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If you knew about the origins of the soft down inside your favorite winter jacket or comforter, you might think twice about putting either anywhere near your body. Last year, People for the Ethical Treatment of Animals received undercover video footage that showed exactly how those feathers were obtained. Live factory-raised birds are pinned down while workers yank fistfuls of feathers from their bodies, often plucking them so violently that they rip open the animals’ skin.
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“We have found that the average consumer is unaware that down comes from birds who often have been live-plucked or force-fed. However, the compelling footage has helped people realize that buying down contributes to extreme cruelty, and the same is true of buying leather, exotic-animal skins,fur, and wool,” Anne Kellogg, PETA’s corporate liaison, tells Ecouterre.
Fur activists have even begun to engage the same audience from a different angle-that being a vegan means being pro-environment, too.
The video itself is convincing enough not to support down, but PETA also enlisted vegan actress/animal-rights activist Alicia Silverstone, to narrate it, bringing the issue to an even larger audience.
Fur activists have even begun to engage the same audience from a different angle-that being a vegan means being pro-environment, as well. In 2012, the Washington Post referenced studies from a 2006 United Nations Food and Agriculture Organization report that ranked raising animals for food as “one of the top two or three most significant contributors to the most serious environmental problems, at every scale from local to global.”
Climate researchers Robert Goodland and Jeff Anhang have estimated that livestock and their methane-rich byproducts account for even more greenhouse gas emissions than originally estimated—a whopping 51 percent.
The problem is often seen best in areas that rely heavily on animal agriculture, such as New Zealand, where a lot of wool is produced. According to the BBC, “In New Zealand, livestock account for 90 percent of the nation’s methane emissions, and about 43 percent of its greenhouse gases from human activities. In short, without coming up with a solution, it would struggle to meet its Kyoto Protocol targets.”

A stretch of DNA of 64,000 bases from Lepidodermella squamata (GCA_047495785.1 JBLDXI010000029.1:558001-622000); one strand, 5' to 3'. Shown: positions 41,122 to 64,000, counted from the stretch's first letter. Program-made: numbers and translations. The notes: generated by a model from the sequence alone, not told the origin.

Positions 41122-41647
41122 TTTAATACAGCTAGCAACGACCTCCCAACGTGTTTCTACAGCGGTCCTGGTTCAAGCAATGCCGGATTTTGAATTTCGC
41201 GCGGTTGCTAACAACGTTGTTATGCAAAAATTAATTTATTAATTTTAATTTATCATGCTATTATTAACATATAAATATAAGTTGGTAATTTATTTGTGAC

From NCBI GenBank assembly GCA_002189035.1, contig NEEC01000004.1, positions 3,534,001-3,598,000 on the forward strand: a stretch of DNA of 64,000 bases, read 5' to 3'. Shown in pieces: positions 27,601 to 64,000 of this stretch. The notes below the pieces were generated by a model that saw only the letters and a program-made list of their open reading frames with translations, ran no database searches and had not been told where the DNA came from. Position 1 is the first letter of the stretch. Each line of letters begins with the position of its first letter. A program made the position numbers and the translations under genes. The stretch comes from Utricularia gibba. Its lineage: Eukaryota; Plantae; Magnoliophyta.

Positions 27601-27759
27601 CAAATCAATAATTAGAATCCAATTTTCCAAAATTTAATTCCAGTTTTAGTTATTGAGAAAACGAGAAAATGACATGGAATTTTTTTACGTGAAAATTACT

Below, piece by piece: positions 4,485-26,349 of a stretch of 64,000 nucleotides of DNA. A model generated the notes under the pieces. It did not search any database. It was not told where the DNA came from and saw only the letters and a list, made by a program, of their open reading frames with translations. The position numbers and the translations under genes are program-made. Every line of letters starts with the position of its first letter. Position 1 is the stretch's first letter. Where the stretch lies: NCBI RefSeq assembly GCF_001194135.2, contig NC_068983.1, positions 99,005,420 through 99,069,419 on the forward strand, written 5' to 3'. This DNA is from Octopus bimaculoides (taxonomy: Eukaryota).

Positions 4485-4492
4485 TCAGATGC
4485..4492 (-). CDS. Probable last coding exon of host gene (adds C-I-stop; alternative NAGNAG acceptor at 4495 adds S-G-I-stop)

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Thanks to a heightened awareness of bird cruelty combined with climate change, down alternatives, or synthetic “down” is gaining momentum in the home and fashion markets. Celebrity-driven lifestyle labels, such as Martha Stewart for Macy’s, Cindy Crawford for JC Penney, Daisy Fuentes for Kohls, and Jenny McCarthy for Target, have introduced synthetic down in bedding collections, while outerwear brands like Patagonia and The North Face now offer synthetic options.
Synthetic options are on the rise, including eco-friendly alternatives made of recycled or recyclable materials.
PETA credits it to a growing interest in hypoallergenic products and consumers’ growing concern over the cruelty to animals inherent in the feather industry.
“Kapok and Ingeo are good options, but many synthetics have advantages, as well, including Thinsulate and PrimaLoft, which was originally developed for the U.S. Army as a water-resistant down alternative,” says Kellog. “Today, PrimaLoft is the premier supplier of insulation to the Army, Marines, and Special Forces providing them with a tactical advantage under extreme wet and cold conditions.”
Donna Oakes, owner of Cow Jones Industrials, an online vegan boutique, says that options for feather and fur alternatives are growing. “In the years since I’ve had my business, I would say that vegan fashion has made enormous strides in not only quality of the product, but also that the issues of environmental concerns and fair labor practices have also become concerns that are front and center for many of the vegan designers,” she says.
She cites, as an example, vegan shoe company Olsenhaus, which uses a faux suede microfiber made from the waste generated from the manufacturing of TV monitors. Vaute Couture, a cruelty-free label best known for its warm winter jackets, crafts its wares from recycled and recyclable Polartec and Teijin technical fabrics. Pittsburgh designer Kelly Lane even uses a faux fur derived from hemp, while other companies, like The Hemptress opt to replicate the material’s sumptuous hand with recycled PET from post-consumer plastic bottles.
“I think that for the most part, people who design with ethics in mind will embrace a number of concerns,” says Oakes. “For people, planet and of course our furry friends.”